Please read all of these instructions after scheduling your pet's procedure.
TWO WEEKS BEFORE YOUR PET'S SURGERY:
- Discontinue fish oil supplements 2 weeks prior to the scheduled surgery, if possible. Fish oil can slow down blood clotting.
- If your pet receives other medications, verify which ones are safe to give the night before and the morning of surgery.
THE NIGHT BEFORE SURGERY:
- Dinner is ok, but your pet should not have access to food for 8 hours before surgery (we recommend that you pick up any food before midnight). No need to remove water.
- Do not administer amlodipine, benazepril, enalapril, furosemide or sildenafil tonight or tomorrow morning.
- If the doctor performing your pet's surgery has prescribed a premedication protocol for home use (for example gabapentin and/or trazodone), administer the prescribed medication at bedtime the night before and 2 hours prior to getting in the car on procedure day.
THE MORNING OF SURGERY:
- If gabapentin and/or trazodone were prescribed, administer them 2 hours prior to getting in the car. It's ok to give medication in a tiny smidge of food.
- Please walk your dog to allow urination and bowel movements.
- When you return home, your pet should go to a quiet room to rest and recover. They can go outside for urination (possibly increased since we give intravenous fluids during surgery) and bowel movements (possibly delayed or decreased as a result of pain medications) that night. The next day they should have restricted activity. Usually pets can return to normal activity levels 2 days after a procedure.
- A small meal can be offered upon returning home. For 2-10 days after surgery (depending on the specific surgery), your pet should not put anything other than soft food in his or her mouth. If dry food is typically fed, it can be soaked in hot water or broth for 20-30 minutes before offering. Changing the diet can cause gastrointestinal distress, so only offer canned food if your pet receives it regularly. Raw diets should not be offered for 48 hours, as general anesthesia can suppress the immune system, and the bacteria typically found in raw diets could cause illness if your pet's immune system is not functioning optimally.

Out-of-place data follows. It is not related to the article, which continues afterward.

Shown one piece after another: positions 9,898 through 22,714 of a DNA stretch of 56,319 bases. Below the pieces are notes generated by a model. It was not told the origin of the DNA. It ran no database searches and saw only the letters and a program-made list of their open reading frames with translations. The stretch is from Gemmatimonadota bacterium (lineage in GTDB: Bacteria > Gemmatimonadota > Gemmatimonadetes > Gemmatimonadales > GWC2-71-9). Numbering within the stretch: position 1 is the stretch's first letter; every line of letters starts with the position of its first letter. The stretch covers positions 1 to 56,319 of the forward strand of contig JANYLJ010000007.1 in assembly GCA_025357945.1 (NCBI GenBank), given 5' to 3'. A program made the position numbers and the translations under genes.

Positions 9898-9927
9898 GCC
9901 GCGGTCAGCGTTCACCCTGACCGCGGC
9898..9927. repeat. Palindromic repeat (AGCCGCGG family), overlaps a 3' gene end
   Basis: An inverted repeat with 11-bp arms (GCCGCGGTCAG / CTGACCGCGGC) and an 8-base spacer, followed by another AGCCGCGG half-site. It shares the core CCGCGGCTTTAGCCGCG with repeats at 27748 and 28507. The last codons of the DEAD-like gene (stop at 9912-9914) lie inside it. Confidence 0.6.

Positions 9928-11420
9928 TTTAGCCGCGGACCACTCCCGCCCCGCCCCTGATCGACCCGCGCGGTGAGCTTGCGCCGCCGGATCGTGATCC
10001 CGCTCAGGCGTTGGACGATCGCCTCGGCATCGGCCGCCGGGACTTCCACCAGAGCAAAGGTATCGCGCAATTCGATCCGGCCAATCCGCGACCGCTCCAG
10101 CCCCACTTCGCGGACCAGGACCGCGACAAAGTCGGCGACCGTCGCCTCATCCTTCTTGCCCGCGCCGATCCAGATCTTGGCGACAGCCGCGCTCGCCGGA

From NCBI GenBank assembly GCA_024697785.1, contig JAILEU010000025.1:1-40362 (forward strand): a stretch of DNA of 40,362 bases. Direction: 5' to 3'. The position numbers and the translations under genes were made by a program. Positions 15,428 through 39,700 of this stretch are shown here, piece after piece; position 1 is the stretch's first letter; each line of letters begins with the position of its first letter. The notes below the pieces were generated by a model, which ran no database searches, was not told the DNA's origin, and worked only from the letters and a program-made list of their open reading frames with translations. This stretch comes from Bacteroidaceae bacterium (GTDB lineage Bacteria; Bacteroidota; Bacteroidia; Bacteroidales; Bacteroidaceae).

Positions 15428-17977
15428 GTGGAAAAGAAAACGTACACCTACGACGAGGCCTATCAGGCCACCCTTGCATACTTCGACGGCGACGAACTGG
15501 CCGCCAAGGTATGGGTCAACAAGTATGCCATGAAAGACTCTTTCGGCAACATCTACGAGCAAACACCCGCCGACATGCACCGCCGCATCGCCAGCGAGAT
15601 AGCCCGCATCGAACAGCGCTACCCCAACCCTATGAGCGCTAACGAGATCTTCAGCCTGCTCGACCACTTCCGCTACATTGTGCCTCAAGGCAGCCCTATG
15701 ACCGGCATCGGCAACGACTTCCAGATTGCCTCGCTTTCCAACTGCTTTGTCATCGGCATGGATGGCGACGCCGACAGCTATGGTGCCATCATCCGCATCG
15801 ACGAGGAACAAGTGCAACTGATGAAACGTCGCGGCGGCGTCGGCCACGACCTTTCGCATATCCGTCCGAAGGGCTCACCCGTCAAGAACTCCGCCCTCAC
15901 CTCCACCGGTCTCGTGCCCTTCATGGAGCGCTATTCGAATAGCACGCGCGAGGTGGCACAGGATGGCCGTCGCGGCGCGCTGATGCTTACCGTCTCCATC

- An endotracheal tube is always placed during surgery to deliver gas anesthetic agents, protect the airway from fluid and bacteria, and to allow us to control breathing if needed. The ET tube may cause tracheal irritation, and a cough is not unusual for 1-2 days after intubation. Please call if coughing is severe or does not resolve in 2-3 days.
Oral surgery is associated with some mild postoperative bleeding and bloody drool. Bloody sneezing and mild nasal bleeding is common after certain oral surgeries. If bleeding is severe (more than 1 drop every 10 seconds), apply mild pressure with a soft cloth and seek veterinary attention.
If your dog picks things up when out and about on walks, eats feces, or chews shoes, furniture or other inappropriate objects at home, you should purchase an OutFox FieldGuard or a basket muzzle to prevent them from injuring or contaminating their surgical sites.
- We use local nerve blocks to help reduce pain, but you should administer any prescribed pain medications the night you return home and continue for 1-5 days (depending on the surgery; you will receive specific guidance on your discharge instructions).
- There is no need to rinse the mouth or to remove the sutures inside the mouth.
Although rare, postoperative complications can include swelling, severe bleeding, infection, and dehiscence (opening of the surgical sites). Anesthetic agents can cause short-term dysphoria, disorientation, whining or howling, incoordination, loss of control of bladder or bowels. Possible long-term complications (exceedingly rare) include loss of vision or hearing, persistent nerve tingling (which may cause pawing at the mouth), persistent drooling, inability to chew large treats or certain foods, decreased ability to pick up toys. Patients with no remaining teeth should not be fed chunky foods, as these pose a choking hazard.